stories told in brush strokes
By Allison Hersh - for the Savannah Morning News
Artist Charlotte Riley-Webb remembers vividly learning how to bake yeast rolls with her beloved grandmother. As each of the granddaughters turned 10, her grandmother would teach the young girls her secret recipe.
"It was sort of a rite of passage," Riley-Webb recalls. "It was during the time that the yeast rolls were rising that grandma shared. We learned values and principles of home and family and how to carry ourselves like 'good Christian' young ladies. I question if children have those experiences any more. Are we raising them on canned biscuits and are they receiving their time of sharing, their rite of passage?"
In a lush, evocative painting titled "Giving the Yeast Rolls Time to Rise," Riley-Webb captures that magic in the kitchen with her grandmother as she learned about baking, and life, from her family's matriarch. Wearing a bright turquoise apron, her grandmother leans over a pan of dough, surrounded by her transfixed granddaughters as the kitchen swirls around them in a timeless dance of color.
"Stories of Your and My America," on display at the Beach Institute through July 20, features 20 paintings by Atlanta-based artist Riley-Webb that celebrate the lost art of storytelling through vibrant paintings that document African-American history. From African dance to Northern migration, Riley-Webb taps into the heart, soul and spirit of African-American experience. "The song of survival has been sung for so many decades and through so many challenges," she explains.
Using a bright palette and curving brush strokes that suggest frenetic energy and fluid motion, Riley-Webb stimulates the eye in every painting. "My painting style is distinct in that I attempt to engage as many of the viewer's senses as possible in each piece," she says.
Music serves as a powerful recurring theme in "Stories of Your and My America," as the artist celebrates jazz, blues and folk music. "Each painting flows with an imaginary tune capturing the rhythms and the richness of 'magenta jazz' and the sorrow of 'blues blue,'" she explains. In "Ben Played Bass in the Background," a striking oil on canvas, Riley-Webb paints Savannah jazz patriarch Ben Tucker jamming in a fantasy jazz session at a local club with B.B. King, Miles Davis and other musical legends. She depicts Tucker's body and standing bass blending into one harmonious whole, celebrating the seamless fusion of the man and his music.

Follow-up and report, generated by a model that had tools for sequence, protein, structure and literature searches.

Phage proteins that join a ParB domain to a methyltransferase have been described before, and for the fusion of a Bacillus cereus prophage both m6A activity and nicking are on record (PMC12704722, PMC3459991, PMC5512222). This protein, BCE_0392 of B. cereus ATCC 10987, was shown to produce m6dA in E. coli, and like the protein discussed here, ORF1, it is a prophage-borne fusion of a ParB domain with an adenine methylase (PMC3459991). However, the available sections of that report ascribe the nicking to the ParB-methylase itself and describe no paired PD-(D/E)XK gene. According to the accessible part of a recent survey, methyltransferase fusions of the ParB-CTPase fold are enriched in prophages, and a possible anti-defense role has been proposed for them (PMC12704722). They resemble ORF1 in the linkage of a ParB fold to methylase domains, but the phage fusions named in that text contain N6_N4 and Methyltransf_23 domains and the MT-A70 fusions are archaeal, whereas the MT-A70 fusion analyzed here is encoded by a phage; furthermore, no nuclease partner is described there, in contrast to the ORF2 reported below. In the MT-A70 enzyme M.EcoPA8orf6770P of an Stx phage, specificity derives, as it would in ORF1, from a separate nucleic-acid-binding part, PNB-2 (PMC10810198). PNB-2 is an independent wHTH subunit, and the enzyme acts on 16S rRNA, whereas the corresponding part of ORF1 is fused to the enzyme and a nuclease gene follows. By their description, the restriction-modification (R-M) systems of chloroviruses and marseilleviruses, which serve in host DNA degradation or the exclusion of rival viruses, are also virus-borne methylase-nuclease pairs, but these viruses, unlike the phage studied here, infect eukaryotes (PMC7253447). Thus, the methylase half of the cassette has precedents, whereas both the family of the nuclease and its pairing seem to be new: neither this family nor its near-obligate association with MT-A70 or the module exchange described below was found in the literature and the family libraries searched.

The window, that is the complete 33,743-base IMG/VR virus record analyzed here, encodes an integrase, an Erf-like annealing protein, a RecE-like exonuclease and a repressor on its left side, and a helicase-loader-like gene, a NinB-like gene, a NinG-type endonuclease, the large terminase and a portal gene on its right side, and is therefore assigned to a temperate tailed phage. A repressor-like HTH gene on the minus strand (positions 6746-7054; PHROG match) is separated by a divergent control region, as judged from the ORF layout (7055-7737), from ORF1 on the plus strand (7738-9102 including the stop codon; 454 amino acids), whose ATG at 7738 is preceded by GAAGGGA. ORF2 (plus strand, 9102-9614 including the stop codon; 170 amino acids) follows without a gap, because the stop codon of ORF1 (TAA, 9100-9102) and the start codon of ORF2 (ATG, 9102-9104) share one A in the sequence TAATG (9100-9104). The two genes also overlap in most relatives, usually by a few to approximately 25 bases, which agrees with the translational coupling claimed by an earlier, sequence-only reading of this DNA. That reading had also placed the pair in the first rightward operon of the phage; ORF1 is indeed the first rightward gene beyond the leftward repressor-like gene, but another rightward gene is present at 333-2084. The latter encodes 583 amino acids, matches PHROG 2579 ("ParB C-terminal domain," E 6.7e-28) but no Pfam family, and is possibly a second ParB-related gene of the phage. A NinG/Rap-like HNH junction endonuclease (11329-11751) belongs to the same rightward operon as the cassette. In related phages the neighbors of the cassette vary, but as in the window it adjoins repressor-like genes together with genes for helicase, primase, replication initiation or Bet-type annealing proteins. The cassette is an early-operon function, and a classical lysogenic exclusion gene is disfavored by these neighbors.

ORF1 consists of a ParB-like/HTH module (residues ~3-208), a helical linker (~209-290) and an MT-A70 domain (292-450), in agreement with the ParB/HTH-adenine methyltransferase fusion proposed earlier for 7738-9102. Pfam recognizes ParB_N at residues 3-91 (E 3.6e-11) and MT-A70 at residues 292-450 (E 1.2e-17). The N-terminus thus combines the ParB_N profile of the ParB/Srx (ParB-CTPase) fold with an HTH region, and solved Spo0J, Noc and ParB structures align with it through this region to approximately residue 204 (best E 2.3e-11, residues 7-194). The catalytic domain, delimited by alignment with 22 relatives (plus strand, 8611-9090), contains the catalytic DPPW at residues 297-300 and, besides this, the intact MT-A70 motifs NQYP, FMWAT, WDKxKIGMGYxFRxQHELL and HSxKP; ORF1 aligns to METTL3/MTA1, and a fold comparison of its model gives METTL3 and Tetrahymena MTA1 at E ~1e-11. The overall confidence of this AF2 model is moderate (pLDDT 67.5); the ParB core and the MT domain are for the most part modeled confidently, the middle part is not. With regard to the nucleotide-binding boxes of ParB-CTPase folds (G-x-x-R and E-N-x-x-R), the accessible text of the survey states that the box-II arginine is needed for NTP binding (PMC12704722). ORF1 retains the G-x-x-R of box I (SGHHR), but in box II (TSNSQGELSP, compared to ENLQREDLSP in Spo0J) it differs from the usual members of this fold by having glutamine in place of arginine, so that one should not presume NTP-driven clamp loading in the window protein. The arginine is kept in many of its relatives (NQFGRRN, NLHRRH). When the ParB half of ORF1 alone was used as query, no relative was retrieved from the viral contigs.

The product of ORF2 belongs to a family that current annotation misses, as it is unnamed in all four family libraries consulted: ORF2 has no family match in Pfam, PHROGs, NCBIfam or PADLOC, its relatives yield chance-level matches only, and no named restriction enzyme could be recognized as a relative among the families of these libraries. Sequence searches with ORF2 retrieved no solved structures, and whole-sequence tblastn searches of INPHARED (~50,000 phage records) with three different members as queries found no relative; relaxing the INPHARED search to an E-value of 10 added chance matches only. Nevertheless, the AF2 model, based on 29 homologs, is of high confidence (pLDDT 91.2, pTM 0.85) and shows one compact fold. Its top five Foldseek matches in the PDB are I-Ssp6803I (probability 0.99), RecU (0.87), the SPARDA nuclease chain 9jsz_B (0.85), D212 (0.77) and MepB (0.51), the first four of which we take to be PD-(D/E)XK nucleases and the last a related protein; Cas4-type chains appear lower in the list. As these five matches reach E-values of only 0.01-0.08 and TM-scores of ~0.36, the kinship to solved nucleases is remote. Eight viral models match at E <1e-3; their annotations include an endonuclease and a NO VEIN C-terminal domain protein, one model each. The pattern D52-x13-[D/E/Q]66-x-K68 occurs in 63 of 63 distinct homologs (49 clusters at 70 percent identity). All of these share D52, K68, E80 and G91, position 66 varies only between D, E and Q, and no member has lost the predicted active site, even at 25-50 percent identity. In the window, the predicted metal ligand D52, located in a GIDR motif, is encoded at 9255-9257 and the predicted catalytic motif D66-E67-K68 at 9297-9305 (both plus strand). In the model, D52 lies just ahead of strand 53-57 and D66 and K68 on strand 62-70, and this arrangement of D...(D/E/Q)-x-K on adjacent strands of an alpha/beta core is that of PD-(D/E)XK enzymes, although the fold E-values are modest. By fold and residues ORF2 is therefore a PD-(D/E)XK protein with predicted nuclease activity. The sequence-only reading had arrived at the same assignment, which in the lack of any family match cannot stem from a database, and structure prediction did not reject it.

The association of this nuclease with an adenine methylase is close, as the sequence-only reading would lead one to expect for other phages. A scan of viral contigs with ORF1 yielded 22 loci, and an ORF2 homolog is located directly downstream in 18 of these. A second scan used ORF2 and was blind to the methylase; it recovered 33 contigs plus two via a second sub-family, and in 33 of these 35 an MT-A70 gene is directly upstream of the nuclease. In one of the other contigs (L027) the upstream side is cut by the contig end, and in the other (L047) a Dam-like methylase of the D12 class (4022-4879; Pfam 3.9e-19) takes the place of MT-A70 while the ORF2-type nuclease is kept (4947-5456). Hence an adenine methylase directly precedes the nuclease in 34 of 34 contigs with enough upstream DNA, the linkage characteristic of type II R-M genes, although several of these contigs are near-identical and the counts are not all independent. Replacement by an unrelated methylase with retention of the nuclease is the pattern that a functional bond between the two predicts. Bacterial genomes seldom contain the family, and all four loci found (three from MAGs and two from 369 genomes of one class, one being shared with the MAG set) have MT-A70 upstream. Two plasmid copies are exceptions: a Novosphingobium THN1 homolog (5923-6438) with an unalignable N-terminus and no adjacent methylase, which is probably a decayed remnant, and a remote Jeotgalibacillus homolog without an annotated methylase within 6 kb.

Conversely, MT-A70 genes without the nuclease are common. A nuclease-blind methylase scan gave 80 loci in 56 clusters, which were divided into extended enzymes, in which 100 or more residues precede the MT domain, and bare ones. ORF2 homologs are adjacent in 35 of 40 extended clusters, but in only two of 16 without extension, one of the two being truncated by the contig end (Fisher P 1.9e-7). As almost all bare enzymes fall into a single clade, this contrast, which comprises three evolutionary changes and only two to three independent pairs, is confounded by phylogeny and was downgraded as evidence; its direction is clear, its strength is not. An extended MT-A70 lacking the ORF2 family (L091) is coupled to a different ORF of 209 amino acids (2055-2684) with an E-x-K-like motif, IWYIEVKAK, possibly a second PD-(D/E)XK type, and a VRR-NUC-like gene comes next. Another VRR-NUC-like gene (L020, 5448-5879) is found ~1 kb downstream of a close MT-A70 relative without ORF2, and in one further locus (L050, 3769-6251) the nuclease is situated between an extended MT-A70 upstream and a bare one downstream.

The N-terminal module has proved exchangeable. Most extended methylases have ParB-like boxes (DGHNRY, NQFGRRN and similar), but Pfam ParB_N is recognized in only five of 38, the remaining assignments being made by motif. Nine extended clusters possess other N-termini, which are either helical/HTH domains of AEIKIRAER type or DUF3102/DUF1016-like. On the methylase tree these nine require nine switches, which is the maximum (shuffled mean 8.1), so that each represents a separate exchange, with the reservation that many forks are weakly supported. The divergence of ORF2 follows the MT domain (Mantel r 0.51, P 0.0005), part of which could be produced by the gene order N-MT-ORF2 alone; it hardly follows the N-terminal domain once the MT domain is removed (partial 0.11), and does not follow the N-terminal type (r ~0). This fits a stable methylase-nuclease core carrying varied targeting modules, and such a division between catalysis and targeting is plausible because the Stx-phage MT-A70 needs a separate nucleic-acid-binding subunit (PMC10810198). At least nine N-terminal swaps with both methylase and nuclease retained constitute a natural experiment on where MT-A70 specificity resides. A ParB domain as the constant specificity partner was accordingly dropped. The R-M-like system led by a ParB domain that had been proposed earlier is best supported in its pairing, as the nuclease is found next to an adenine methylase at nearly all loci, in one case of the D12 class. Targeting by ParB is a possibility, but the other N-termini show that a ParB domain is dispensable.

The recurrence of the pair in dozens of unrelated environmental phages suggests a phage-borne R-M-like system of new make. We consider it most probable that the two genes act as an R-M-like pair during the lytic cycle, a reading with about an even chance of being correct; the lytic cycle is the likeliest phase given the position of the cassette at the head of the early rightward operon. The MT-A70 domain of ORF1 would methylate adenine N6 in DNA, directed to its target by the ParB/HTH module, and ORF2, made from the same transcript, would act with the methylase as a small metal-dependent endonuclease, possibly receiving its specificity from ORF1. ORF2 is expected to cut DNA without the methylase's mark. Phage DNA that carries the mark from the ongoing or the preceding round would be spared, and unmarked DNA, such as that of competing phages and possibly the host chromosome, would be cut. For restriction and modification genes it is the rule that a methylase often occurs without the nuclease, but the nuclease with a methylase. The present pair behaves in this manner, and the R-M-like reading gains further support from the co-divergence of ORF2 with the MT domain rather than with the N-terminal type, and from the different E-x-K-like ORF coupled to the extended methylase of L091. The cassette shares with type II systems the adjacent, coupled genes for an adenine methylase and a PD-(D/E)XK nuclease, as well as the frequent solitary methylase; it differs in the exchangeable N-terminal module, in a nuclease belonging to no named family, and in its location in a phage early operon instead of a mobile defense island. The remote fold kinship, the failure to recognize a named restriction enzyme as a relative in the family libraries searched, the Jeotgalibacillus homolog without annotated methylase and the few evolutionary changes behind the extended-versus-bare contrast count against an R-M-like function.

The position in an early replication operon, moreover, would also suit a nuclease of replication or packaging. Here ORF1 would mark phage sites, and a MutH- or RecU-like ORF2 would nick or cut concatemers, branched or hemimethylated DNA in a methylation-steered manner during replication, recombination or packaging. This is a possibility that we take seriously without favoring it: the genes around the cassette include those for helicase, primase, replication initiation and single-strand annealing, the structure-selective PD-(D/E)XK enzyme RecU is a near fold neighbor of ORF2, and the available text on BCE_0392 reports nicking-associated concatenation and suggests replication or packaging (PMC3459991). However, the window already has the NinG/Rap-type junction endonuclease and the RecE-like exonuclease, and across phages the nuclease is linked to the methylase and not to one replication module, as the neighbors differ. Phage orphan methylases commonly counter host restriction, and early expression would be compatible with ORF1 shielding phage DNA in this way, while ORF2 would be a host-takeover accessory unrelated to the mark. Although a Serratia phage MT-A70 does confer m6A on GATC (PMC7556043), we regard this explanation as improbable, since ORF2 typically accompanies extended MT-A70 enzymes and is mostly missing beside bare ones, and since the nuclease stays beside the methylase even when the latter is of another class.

Part of what makes Riley-Webb's paintings so powerful is her sensitivity to, and insight into, the African-American experience, combined with her flair for abstraction. In "The Checker Players," she is less concerned with the realistic details of a heated game of checkers than she is with the energy of the showdown. She paints an electrifying checkers match in which the board curves and warps like butter on a hot pan as pale chartreuse, luminescent turquoise and lemon yellow brush strokes swirl around the players to convey the energy of the game. The painting is based on a weekly checkers game that Riley-Webb observed in a back room at a local hardware store. "The days slipped unnoticed into night," she recalls, "the days into months, then years. They'd argue, cheat and lie. Smitty would yell, 'Move, man!' Hank would growl under his breath and remind him that he had nowhere to go."
Playful paintings like "Joy in the Midst" and "A Pocket Full of Posies" depict little girls playing games outside, oblivious to sheets drying on clotheslines and the rundown shacks in the background. "When there was something not quite right going on at the home or neighborhood, we were sent outside to play," Riley-Webb recalls. "We took full advantage of this opportunity. When we tired of the board games sprawled across the porch, we filled the yard with creative play and laughter."
Some of Riley-Webb's most powerful paintings deal with bittersweet observations about African-American history. In "Enigma of a Rose Garden," she paints strong, beautiful women in African clothing picking snow-white cotton by hand, tucking it into woven baskets as rich red roses loom in the foreground of the image, physically and symbolically out of reach. "Rituals," a mixed-media piece that combines cut-out pieces of African fabrics with acrylic paint, depicts wide-hipped women dancing joyfully with baskets balanced atop their heads.
"Walking North" portrays a symbolic and literal exodus as men and women walk through thick green foliage, carrying babies on their backs and children in their arms. "These pieces freeze time and help us to trace the course of history and the dangerous pathway to freedom," she explains. "They speak to the snags and misnomers along the way. Even though their hearts and souls were often off-center, they still kept walking north."
"Stories of Your and My America" focuses upon commonalities in African-American experience, celebrating shared stories and universal experiences. From ancestral dances to modern-day games, Riley-Webb recreates the timeless rituals that connect people across space and time, creating paintings that dare to dance, sing and remember